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In CCM’s “Our Country’s Good”, Redcoat is the New Black

Review by Sheldon Polonsky of Our Country’s Good: CCM Acting

For its winter Main Stage production, CCM Acting has taken on Timberlake Wertenbaker’s challenging historical dramedy, Our Country’s Good. Set in Australia’s first penal colony in the 1780’s, Wertenbaker’s play is long, complex and filled with difficult dialogue and profound thematic elements. Although I have never seen it performed, I can imagine a hundred ways to present this play badly, even with the most seasoned professional company. Luckily, CCM‘s director and young cast found a hundred ways to do it well.

Our Country’s Good opens with the arrival of convicts and the British Royal Marines in Sydney Cove, observed by a lone aborigine. The convicts–both male and female–may have escaped imprisonment or hanging back in England, but they suffer from beatings, unjust punishments, hunger and emotional debasement by the soldiers–whose life in the isolated colony and harsh conditions is a punishment of their own. The new governor, Captain Phillip (Jabari Carter) wants to promote better relations with the prisoners and improve their character, and his idea of having them put on a play is eagerly taken up by a second lieutenant, Ralph Clark (Jack Steiner). The endeavor is frustrated both by fierce opposition by many of the officers, who see the prisoners as irredeemable, and by the prisoners themselves, many of whom are illiterate and see their situation as hopeless. Led by Clark, however, and an instinctively talented convict, Mary Brenham (Madeline Page-Schmit), the company begins to forge a bond between the colonists which presages Australia’s development from penal colony to nationhood.

Our Country’s Good is a perfect ensemble piece with plenty of roles, many double-cast (as originally conceived by the playwright). Although the cast is led by Steiner’s and Page-Schmit’s relatable and humanizing performances, every player has their chance to shine, and shine they do. In this production, CCM definitely impresses with the range and depth of their students, and all 15 cast members put in stellar performances with no weak spots. I almost feel guilty singling out any for praise since everyone was so talented. Nevertheless, I was most impressed by Abby Palen, as the prisoner Liz Morden, who has the most difficult transformation from dehumanized to inspiring; Duncan Weinland, as the bookish Jew, Wisehammer, who emotionally demonstrates the power of words to overcome misfortune; and Cameron Nalley, who seamlessly morphs from the sadistic Major Ross to the gentle convict/hangman James “Ketch” Freeman and embodies them both so well one can hardly believe he is only one actor. Kudos also to Jacqueline Daaleman (Dabby Bryant) and Carter Lacava (Robert Sideway) who lighten the show with their considerable comedic talents, and James Egbert and Kayla Temshiv, who play a tormented soldier, Harry Brewer, and his conflicted mistress Duckling (Egbert also gets lots of laughs in his secondary role as the unintelligibly Scottish officer Campbell).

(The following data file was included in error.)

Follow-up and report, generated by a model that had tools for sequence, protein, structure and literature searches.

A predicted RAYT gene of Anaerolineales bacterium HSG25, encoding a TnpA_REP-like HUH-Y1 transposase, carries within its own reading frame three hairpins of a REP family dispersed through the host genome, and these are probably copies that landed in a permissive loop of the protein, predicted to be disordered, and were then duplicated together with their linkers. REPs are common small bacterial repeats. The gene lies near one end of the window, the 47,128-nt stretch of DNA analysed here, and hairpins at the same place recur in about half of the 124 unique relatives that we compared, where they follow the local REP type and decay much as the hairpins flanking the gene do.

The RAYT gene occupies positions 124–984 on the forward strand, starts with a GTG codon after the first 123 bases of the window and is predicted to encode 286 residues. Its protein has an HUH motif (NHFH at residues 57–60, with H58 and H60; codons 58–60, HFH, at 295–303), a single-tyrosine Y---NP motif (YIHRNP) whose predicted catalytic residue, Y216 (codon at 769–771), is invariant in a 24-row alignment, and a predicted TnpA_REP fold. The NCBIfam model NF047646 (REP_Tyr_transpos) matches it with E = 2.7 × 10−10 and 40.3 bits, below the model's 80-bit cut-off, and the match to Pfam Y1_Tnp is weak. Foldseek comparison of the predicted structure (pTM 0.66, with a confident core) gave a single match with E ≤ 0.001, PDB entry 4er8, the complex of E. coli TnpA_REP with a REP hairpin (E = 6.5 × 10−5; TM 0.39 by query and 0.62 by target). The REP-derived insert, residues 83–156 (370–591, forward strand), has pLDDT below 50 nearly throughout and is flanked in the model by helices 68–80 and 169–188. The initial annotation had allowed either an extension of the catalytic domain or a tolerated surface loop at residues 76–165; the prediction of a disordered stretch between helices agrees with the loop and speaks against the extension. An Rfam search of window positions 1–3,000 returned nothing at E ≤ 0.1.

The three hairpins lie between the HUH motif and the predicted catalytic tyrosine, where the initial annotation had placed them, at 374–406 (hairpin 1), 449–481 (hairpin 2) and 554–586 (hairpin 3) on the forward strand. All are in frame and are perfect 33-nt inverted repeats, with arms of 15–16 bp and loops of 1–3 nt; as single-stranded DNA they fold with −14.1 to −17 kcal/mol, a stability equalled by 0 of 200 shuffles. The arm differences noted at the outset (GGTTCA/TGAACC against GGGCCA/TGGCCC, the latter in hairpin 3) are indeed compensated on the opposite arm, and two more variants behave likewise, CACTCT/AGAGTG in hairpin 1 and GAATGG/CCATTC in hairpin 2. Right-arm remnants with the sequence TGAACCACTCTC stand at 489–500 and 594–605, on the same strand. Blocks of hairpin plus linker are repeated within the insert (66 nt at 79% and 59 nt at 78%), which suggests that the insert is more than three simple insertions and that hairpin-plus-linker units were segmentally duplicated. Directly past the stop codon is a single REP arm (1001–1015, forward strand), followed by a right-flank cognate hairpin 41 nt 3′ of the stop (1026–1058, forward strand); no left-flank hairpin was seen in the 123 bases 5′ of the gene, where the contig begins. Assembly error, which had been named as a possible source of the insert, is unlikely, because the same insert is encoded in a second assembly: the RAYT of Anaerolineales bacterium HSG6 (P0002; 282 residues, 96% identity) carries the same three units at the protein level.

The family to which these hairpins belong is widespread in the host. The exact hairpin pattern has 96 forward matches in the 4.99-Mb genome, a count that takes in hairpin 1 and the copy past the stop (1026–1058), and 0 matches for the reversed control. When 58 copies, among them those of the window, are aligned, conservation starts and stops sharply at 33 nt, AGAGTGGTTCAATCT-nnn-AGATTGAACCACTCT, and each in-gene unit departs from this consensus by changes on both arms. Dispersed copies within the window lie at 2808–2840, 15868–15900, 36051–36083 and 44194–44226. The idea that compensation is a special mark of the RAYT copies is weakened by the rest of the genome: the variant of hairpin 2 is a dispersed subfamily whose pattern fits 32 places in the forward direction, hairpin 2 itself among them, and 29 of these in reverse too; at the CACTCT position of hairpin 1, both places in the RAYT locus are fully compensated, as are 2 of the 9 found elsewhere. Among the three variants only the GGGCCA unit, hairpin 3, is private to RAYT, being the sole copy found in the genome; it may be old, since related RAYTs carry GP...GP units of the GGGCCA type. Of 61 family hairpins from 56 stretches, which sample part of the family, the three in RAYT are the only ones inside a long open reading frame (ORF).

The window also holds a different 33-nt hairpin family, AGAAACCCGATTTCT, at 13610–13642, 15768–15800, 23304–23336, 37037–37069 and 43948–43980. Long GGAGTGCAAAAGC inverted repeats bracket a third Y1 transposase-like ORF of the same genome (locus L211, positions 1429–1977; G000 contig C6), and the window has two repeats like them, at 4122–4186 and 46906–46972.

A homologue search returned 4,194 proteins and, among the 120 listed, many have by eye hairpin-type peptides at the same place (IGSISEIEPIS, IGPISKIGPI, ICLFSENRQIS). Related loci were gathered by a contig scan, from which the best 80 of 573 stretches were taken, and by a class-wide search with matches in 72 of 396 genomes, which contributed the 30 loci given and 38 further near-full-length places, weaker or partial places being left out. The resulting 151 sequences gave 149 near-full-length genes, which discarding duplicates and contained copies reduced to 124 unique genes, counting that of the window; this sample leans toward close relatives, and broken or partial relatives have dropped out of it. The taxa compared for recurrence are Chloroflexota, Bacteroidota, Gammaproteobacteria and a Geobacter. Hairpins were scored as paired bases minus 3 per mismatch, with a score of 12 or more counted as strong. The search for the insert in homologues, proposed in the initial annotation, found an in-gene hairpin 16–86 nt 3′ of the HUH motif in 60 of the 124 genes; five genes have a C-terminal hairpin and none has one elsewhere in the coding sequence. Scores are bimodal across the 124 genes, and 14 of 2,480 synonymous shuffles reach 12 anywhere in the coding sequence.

The biggest applause, though, should go to the director, Susan Felder, who shepherded all this talent and keeps this potentially lumbering script moving and engaging. She wisely balances the play’s humor and pathos and keeps the blocking eye-catching. All the technical aspects of the production were equally accomplished. Joshua Gallagher’s scenic design, dominated by desert-designed risers and a giant sun/moon, highlights the starkness of the landscape in a visceral way, reinforced by dramatic lighting design (Michael Ekema-Nardella) and an other-worldly sound background including didjeridoo (Zachory Ivans and Travis Byrne). Ashley Trujillo’s costume design and Samantha Kittle’s hair and make-up artistry were detailed and authentic, especially impressive given the many quick changes that the multiple roles demanded.

I would be remiss not to recognize two other aspects of the production, often overlooked. Yue Shi (Jenny), the production stage manager, had a superhuman feat keeping this all together, and the quick changes of the cast must have been quite challenging to choreograph (I still cannot get over Jabari Carter’s almost instantaneous transformation from Captain to aborigine). Finally, the dialect coaches, D’Arcy Smith and Katherine Webster, need a special shout-out. Nothing could have sunk this play (especially with young actors) quicker than ridiculous accents, but this play not only captured very believable British dialect but the nuances of different classes and locations, from Irish to Scottish to Cockney and African. CCM recently lost Rocco Dal Vera, a beloved expert in this field, and it’s wonderful to see others carrying on this legacy of fine vocal coaching.

Above all, Our Country’s Good is a show about the transformational power of theatre, and its ability to raise our sensibilities and unite people of disparate backgrounds. In her director’s notes, Susan Felder notes how theatre in the United States has become devalued at both the educational and societal level and how much that impoverishes us. In this play, one character announces pointedly, “People with little attention [and little imagination] should not go to the theatre”. Unfortunately, today’s ubiquitous media and instant gratification threaten us with losing both. But CCM‘s production of Our Country’s Good demands our own.

CCM Acting presents Our Country’s Good through Feb. 17, 2019 at Patricia Corbett Theater. Tickets are on sale now through the CCM Box Office; student discounts are available.